As slasher plots go, setting a killer loose on a group of college kids engaged in an all night scavenger hunt is a pretty solid one, and as slasher costumes go, putting your murderer in a goofy bear mascot outfit (complete with googly eyes) is pretty much the dumbest idea. Girl's Nite Out (aka The Scaremaker) does both, which alone would make it if nothing else one of the weirder entries in the slasher canon's golden era, but the movie goes a step further with a third act that defies any conventional wisdom about body count flicks, elevating a quirky but ultimately forgettable slasher into "You have to see this goddamn thing" territory for slasher aficionados. Everyone else should probably steer clear, though.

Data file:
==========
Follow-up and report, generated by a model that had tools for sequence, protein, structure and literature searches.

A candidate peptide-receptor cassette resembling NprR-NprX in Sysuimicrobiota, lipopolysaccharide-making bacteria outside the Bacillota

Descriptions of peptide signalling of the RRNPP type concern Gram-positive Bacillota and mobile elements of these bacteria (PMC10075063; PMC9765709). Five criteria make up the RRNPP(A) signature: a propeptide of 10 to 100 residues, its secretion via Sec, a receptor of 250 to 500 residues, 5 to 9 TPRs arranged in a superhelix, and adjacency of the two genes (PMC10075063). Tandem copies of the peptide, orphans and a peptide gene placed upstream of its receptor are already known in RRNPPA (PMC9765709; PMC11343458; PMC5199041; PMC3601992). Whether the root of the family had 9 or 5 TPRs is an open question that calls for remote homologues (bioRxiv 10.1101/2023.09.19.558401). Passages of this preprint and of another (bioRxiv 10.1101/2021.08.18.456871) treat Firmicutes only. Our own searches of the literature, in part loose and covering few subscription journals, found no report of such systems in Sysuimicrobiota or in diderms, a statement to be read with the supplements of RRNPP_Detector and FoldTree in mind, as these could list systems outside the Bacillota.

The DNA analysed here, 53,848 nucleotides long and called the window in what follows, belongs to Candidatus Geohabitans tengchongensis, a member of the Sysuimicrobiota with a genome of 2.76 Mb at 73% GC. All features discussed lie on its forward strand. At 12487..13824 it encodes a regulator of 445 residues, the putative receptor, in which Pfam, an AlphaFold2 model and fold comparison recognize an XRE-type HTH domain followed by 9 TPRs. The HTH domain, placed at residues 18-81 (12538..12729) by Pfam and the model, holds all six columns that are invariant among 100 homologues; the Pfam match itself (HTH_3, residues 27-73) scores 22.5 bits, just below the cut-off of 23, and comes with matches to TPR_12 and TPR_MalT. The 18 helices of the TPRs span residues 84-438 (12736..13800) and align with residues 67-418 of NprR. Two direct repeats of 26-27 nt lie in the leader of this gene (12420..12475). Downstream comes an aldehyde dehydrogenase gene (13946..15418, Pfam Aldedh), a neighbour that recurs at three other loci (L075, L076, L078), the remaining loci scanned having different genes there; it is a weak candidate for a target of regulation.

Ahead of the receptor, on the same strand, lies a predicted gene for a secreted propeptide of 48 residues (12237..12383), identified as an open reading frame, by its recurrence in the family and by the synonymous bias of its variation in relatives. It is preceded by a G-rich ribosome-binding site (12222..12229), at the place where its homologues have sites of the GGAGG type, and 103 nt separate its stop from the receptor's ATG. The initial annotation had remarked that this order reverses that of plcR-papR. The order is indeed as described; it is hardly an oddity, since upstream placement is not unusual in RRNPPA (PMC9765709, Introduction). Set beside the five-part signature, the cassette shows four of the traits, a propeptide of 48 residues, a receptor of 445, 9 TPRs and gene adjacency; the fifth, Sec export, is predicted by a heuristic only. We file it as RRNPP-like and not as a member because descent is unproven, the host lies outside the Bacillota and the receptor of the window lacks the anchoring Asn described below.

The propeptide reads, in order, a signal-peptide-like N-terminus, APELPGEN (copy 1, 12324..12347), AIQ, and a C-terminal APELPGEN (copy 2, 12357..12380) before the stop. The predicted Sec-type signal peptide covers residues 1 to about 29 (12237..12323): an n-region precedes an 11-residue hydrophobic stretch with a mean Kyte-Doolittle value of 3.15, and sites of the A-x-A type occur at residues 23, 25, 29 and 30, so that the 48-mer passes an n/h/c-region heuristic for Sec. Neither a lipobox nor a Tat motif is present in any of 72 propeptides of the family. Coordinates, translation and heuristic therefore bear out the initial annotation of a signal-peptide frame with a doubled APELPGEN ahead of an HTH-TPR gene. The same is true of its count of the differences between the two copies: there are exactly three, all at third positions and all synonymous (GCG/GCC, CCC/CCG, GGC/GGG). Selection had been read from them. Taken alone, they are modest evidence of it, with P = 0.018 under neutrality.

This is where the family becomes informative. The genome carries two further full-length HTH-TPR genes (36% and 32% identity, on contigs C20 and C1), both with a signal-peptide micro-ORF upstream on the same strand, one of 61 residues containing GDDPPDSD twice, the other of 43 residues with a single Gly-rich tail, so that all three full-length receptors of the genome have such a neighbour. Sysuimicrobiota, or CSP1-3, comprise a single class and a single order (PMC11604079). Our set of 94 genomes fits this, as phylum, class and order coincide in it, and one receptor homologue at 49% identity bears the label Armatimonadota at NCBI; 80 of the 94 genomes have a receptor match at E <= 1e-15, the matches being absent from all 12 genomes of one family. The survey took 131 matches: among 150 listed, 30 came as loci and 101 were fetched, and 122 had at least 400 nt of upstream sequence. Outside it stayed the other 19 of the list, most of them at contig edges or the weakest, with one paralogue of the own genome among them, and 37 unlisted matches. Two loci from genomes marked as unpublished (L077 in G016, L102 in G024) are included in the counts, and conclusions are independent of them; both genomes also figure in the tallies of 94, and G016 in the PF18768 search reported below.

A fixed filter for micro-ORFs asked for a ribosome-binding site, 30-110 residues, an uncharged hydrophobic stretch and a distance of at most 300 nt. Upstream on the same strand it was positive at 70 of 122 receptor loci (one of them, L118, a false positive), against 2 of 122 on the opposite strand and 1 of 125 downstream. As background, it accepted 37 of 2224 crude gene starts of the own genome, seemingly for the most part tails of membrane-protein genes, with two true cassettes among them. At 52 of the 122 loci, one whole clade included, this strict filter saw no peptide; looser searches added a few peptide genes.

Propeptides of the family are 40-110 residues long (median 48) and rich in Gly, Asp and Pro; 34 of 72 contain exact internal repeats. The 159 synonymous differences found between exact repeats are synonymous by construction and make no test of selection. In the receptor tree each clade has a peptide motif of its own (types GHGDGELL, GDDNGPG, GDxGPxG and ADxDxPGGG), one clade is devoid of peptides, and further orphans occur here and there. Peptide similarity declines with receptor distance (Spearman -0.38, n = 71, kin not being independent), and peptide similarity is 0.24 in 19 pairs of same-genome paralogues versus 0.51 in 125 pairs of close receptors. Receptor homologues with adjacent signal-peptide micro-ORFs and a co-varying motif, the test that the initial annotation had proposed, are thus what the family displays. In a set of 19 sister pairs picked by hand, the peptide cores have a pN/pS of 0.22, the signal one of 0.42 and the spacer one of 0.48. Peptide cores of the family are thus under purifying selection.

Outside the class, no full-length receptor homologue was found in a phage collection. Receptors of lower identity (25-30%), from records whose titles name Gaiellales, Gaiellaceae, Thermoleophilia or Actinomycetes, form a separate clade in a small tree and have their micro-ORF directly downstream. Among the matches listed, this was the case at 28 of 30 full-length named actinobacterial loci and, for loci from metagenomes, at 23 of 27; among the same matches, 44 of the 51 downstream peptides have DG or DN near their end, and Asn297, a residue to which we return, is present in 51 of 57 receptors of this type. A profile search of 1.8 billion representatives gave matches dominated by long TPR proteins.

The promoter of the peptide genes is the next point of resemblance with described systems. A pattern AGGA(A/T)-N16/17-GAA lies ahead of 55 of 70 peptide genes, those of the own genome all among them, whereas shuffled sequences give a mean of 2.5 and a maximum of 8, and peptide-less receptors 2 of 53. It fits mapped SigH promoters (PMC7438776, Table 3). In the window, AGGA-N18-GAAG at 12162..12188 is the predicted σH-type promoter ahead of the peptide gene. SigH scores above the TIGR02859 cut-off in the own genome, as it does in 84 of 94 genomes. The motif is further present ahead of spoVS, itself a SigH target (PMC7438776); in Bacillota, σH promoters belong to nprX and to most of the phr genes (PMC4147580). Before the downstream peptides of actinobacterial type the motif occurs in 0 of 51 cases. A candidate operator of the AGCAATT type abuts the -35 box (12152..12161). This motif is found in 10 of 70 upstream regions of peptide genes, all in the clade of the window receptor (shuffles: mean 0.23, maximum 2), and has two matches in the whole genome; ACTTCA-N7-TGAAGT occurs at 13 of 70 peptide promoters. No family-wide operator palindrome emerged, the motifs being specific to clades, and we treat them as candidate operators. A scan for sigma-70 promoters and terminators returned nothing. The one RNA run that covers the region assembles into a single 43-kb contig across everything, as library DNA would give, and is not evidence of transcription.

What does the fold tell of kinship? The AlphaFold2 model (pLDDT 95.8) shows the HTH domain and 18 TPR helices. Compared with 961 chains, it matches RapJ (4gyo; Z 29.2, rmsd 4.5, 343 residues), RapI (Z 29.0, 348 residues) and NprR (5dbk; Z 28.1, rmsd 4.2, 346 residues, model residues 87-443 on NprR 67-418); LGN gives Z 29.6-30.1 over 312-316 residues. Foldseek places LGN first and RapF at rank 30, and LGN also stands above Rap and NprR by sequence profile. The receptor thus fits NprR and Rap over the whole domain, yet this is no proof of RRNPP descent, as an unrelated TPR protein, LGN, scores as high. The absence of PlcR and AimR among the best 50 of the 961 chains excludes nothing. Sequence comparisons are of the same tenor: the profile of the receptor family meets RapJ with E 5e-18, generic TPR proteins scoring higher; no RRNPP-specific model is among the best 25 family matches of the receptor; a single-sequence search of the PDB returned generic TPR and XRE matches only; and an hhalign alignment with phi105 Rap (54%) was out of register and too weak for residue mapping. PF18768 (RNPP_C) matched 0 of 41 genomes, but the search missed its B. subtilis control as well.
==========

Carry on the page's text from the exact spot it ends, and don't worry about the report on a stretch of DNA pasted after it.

Despite the promising setup, for an hour or so the movie is just another weak slasher from the twilight of the slasher boom. The pacing is particularly damaging; the scavenger game doesn't even start for over forty minutes, forcing you to endure an endless party scene, a basketball game, the Final Girl's boyfriend Teddy's endless wooing of another woman before things finally get slashy. To be fair there are a couple of quick kills to tide us over until that point, but the first is of a gravedigger and seems like it was possibly added later to get another kill in, and the second is actually kind of a dumb move, as it's of Benson, the guy who usually wears the mascot costume. Why they'd cancel out a good red herring in a whodunit is beyond me; my only guess is that they were going for a "show the bomb under the table" vibe for all the subsequent scenes where someone sees the killer and thinks it's Benson, but for the most part he attacks almost as soon as they see him, and he never once uses his "in" to get someone alone (think Terror Train when he takes out Mitchy). As much as the movie needed some action in its first half, I would have rather they sprung his death as a surprise on us later.